We were supposed to be in Jeddah, Saudi Arabia by August 12. However, it’s early September and I remain at home with our 13-year old son awaiting visas. A week ago my husband departed for Saudi Arabia to secure proper documentation to bring us over. We have no idea when we will be able to fly.
The 24th of August marked the first day of our new school in Jeddah while schools locally began two weeks prior. Since the time-line of our visas was unknown, we made the decision to enroll our 13-year old in a local middle school.
Culture Shock (In the U.S.A.)
My son looks up at me with wide eyes in disbelief. He holds in his hand a bright orange piece of paper titled “Weapons Agreement." “It even tells you what items are considered to be weapons, like a pen!” he muses. As we’re processing the contents of this friendly coloured paper, a 7th grade boy, eyes brimming with tears, walks into the office with his skateboard: all four wheels have been stolen. Our son looks at us with a look that clearly questions our judgment of bringing him here.
He adds his signature to the orange piece of paper and then flounders as everyone rises to say the pledge of allegiance. An 8th grader appears and escorts our son to his classes.
Skyler comes home with questions like “What is a quart and is the plural of it spelled with a ‘z’? And why aren’t they using the metric system?” His mechanical pencil is stolen the first day he uses it. He is stunned by a heated conversation between a boy and a girl and even more shocked when, following the departure of the girl, the boy says, “Yeah, she’s my ex”.
Skyler’s accustomed to playing a full soccer game with this peers after lunch. However, here no one does that. They rush to eat and than hang out for a few minutes before returning to class.
Our son manages but he’s eager for the processing of our visas and the return to what he considers “normal education”
So where does this leave me as a teacher of Chemistry, Physical Science, Robotics, and Basic Applications? Well, I’m engaging in a “distance learning” experience. All of my lesson plans are submitted to a substitute. Instructions, discussion, and assignments for the students are posted on Schoology, a “learning management system” that works quite well. Each day I post daily activities and students upload their assignments as well as responses to the discussions.
Thus, I manage my classes from afar and it’s going as well as it could, I guess. I can't worry too much about it because I'm doing all I can do. Being 13000 km and 9 hours in time difference away is, indeed, interesting. My thoughts and posts and classes are taking place on a Thursday while I'm living in Wednesday. It's a bit brain bungling. I wake up to read what my students have done and there's nothing I can do to rectify any problems that occurred during the school day. I just have to work with what happened. For example, I woke up one Friday and all the robotics students posted that they couldn't begin building their robots as planned because there weren't enough parts. In fact, they couldn't even build ONE ROBOT for the entire class because there weren't enough parts. So, I momentarily panicked thinking that there aren't robot kits as promised (supposedly one per student) and that the robot program couldn't work. However, after communicating with my sub (who taught the class last year) it became apparent that he had been sick and HIS sub didn't look in the closet to find the robot kits and the students were trying to build robots from the spare parts bin!!! Oh well. So, they began building on Monday instead of Thursday. I did have a good laugh about that one though!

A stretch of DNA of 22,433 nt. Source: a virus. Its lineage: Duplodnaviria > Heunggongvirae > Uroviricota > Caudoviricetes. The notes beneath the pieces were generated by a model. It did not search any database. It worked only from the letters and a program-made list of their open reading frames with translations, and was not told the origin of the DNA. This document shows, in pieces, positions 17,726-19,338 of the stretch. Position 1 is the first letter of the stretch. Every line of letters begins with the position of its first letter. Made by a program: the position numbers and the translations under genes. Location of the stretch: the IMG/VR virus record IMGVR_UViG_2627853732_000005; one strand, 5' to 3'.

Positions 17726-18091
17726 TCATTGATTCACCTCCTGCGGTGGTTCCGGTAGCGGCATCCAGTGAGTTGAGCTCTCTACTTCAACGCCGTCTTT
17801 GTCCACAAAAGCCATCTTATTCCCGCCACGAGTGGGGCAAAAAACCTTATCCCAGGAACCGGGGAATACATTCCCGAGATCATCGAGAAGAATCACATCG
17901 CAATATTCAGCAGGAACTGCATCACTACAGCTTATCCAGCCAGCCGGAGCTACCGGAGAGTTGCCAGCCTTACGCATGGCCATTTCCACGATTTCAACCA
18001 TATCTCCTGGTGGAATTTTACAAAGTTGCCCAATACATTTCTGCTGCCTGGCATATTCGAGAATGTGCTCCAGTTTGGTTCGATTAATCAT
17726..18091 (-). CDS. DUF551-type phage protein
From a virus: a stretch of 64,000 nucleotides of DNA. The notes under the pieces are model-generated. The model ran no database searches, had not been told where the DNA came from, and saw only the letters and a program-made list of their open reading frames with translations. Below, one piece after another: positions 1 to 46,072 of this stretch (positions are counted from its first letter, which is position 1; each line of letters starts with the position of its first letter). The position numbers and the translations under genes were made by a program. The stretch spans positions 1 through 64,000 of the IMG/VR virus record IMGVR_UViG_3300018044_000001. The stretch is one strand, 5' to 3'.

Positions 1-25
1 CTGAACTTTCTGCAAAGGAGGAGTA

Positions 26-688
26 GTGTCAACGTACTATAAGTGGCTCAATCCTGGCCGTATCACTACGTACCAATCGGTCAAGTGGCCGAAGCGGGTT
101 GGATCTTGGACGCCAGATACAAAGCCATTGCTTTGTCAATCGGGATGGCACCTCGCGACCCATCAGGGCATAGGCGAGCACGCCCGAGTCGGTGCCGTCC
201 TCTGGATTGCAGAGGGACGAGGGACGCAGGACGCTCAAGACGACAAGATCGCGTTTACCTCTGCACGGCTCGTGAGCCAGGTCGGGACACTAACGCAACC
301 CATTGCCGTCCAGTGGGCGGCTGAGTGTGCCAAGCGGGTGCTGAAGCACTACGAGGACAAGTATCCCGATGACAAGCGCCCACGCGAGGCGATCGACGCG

Through their discussions and posts I’m slowly getting to know my students a little bit. I Skype regularly with a colleague with whom I share a course with. Thankfully she’s a collaborator and we’re already working as a team despite our distance! I can’t wait to meet her, other colleges, and my students in person.
Thus begins our adventure! We are looking forward to the arrival of visas, flight arrangements, and meeting our new school family in Jeddah!